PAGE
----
Background: One in five adults in the USA has a disability, with serious walking disabilities being most prevalent. These disabilities often include impairment of the ankle’s power generation capabilities. During late stance, the ankle generates a large amount of power, used to propel the body. During this same period, the distal foot deforms substantially and absorbs power, leading to an overall lower ankle-foot complex power. Researchers have found that, by adding stiffness to the foot, the power absorbed by the distal foot decreases. When this happens, the ankle power also decreases, indicating an interplay in the energetics of the two systems. Ankle-foot orthoses (AFOs) are often prescribed to treat walking impairments. However, these devices do not take advantage of the recent energetics research in the design of the footplate. This previous research indicates that it may be possible to apply these findings in the design of a foot orthosis that stores and returns energy. Unfortunately, there is not a good understanding of the force-deformation characteristics of the anklefoot complex during stance.
Purpose: This thesis aimed to characterize the force-deformation patterns of the distal foot in healthy individuals across a range of walking speeds in order to determine how stiffness about the metatarsophalangeal (MTP) joint changes. Then, these data were applied to design an in-shoe, customized deformable foot orthosis that aimed to modulate the energetics of the ankle-foot system in healthy individuals.
Methods: For Aim 1, eighteen healthy individuals were recruited to walk barefoot at four, height controlled, speeds in an overground motion capture laboratory with in-ground forceplates. Data collected from these trials were used to calculate stiffness about the MTP joint at each speed and a two-way repeated measures ANOVA was run to determine if stiffness about the MTP joint varied based on dominant/non-dominant limb or by walking speed.
For Aim 2, nine healthy individuals were recruited to walk in the same overground motion capture laboratory over two visits. In the first visit, subjects walked barefoot (BAREFOOT) at 0.8 statures/second. From these data, stiffness about the MTP joint for the dominant and non-dominant limbs were calculated, along with the power generation during stance of the distal foot, ankle/midfoot and ankle-foot complex. These stiffnesses were then used as an approximate stiffness level in designing a deformable foot orthoses, customized to the subject’s shoe size and metatarsal axis location delineating the deformable region, out of carbon fiber. The subjects then returned for a second visit where they walked in flexible, minimalist shoes with (ORTHOSIS) and without (SHOE ONLY) the foot orthosis inserted. These data were then analyzed to determine the power profiles during stance of the distal foot, ankle/midfoot and ankle-foot complex. A 2x3 dependent measures MANOVA was then run with dominant/non-dominant limbs and footwear conditions as factors on the distal foot positive work, net ankle/midfoot work and net ankle-foot complex work as dependent variables.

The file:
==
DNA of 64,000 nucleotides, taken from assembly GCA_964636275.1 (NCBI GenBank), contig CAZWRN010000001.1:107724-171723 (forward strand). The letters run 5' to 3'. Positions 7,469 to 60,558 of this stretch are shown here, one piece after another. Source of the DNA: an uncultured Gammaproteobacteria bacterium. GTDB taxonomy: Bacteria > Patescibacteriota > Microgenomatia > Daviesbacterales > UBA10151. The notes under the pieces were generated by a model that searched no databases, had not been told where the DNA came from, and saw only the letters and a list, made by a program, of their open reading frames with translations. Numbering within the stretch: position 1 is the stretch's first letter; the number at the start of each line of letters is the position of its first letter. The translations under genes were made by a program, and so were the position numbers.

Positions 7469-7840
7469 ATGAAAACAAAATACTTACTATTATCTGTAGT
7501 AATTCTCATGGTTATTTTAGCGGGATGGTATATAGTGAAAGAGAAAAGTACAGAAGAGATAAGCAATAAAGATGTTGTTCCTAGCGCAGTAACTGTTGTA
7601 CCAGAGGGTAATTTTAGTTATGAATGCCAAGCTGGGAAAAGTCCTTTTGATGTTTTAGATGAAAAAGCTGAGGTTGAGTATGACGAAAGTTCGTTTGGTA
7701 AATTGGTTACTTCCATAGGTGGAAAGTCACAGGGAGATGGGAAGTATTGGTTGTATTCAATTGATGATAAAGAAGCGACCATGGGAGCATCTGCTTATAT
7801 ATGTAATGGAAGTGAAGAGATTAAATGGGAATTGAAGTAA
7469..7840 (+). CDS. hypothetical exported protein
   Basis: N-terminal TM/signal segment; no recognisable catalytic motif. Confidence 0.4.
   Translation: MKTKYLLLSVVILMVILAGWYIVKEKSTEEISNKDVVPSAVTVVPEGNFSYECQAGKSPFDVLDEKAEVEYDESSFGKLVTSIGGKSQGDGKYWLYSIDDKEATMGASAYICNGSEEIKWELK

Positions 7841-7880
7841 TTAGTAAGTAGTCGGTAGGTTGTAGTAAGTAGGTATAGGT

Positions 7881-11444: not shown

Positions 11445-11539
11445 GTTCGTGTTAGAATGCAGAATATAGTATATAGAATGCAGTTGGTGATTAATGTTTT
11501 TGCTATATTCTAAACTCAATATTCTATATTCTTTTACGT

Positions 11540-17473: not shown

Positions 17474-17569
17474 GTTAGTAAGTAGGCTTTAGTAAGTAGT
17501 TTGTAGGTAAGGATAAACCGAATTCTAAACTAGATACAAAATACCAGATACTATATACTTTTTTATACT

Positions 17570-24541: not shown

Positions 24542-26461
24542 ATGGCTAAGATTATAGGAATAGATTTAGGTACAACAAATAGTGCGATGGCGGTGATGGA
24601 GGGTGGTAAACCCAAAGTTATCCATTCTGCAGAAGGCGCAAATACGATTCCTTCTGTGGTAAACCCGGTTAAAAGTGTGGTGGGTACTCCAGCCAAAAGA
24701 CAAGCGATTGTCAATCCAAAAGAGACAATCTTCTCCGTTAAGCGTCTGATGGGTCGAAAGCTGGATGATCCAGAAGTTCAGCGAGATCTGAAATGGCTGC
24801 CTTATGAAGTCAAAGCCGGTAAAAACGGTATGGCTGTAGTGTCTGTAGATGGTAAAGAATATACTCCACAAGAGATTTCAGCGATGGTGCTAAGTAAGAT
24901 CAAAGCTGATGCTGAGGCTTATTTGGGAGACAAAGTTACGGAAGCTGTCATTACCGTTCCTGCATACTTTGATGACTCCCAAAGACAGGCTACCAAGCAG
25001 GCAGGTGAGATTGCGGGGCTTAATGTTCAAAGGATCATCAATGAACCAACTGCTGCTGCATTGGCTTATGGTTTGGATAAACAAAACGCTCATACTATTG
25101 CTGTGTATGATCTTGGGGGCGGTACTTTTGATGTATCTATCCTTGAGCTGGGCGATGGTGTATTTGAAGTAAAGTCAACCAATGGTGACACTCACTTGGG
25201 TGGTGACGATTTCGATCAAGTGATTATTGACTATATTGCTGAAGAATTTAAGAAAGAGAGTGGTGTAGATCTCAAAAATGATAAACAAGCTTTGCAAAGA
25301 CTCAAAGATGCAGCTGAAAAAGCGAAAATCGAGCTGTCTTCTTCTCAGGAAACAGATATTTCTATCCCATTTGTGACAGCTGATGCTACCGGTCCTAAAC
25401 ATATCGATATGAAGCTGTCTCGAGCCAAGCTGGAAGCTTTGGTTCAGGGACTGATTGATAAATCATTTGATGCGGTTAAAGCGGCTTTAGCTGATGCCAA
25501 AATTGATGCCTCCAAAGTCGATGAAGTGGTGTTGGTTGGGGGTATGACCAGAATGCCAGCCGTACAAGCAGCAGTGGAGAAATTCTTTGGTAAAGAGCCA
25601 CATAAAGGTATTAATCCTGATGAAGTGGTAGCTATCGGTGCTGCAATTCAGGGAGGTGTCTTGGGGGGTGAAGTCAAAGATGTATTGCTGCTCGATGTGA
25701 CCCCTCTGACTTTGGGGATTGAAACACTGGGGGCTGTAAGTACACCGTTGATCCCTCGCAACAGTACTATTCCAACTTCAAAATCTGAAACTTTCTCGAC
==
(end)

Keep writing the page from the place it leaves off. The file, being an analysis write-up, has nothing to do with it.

Results: For Aim 1, the two-way dependent ANOVA indicated that stiffness about the MTP joint did not vary by dominant/non-dominant limb. Additionally, the ANOVA indicated that at each speed the stiffness about the MTP joint was significantly different across speeds. For Aim 2, the MANOVA indicated that, for positive distal foot work, net ankle/midfoot work and net ankle-foot complex work, the dominant/non-dominant limb was not significantly different. Additionally, it showed that there was no difference between BAREFOOT and SHOE ONLY for any variable and that the ORTHOSIS condition, compared with the other two conditions, showed significantly higher positive distal foot work, lower net ankle/midfoot work and unchanged net ankle-foot complex work.
Significance: These results showed that the stiffness about the MTP joint of the individual dependent on the walking speed and that, for all measures, the dominant and non-dominant limbs behaved similarly. Additionally, it showed that a foot orthosis can modulate the energetics of the ankle-foot system to store and return energy for healthy individuals.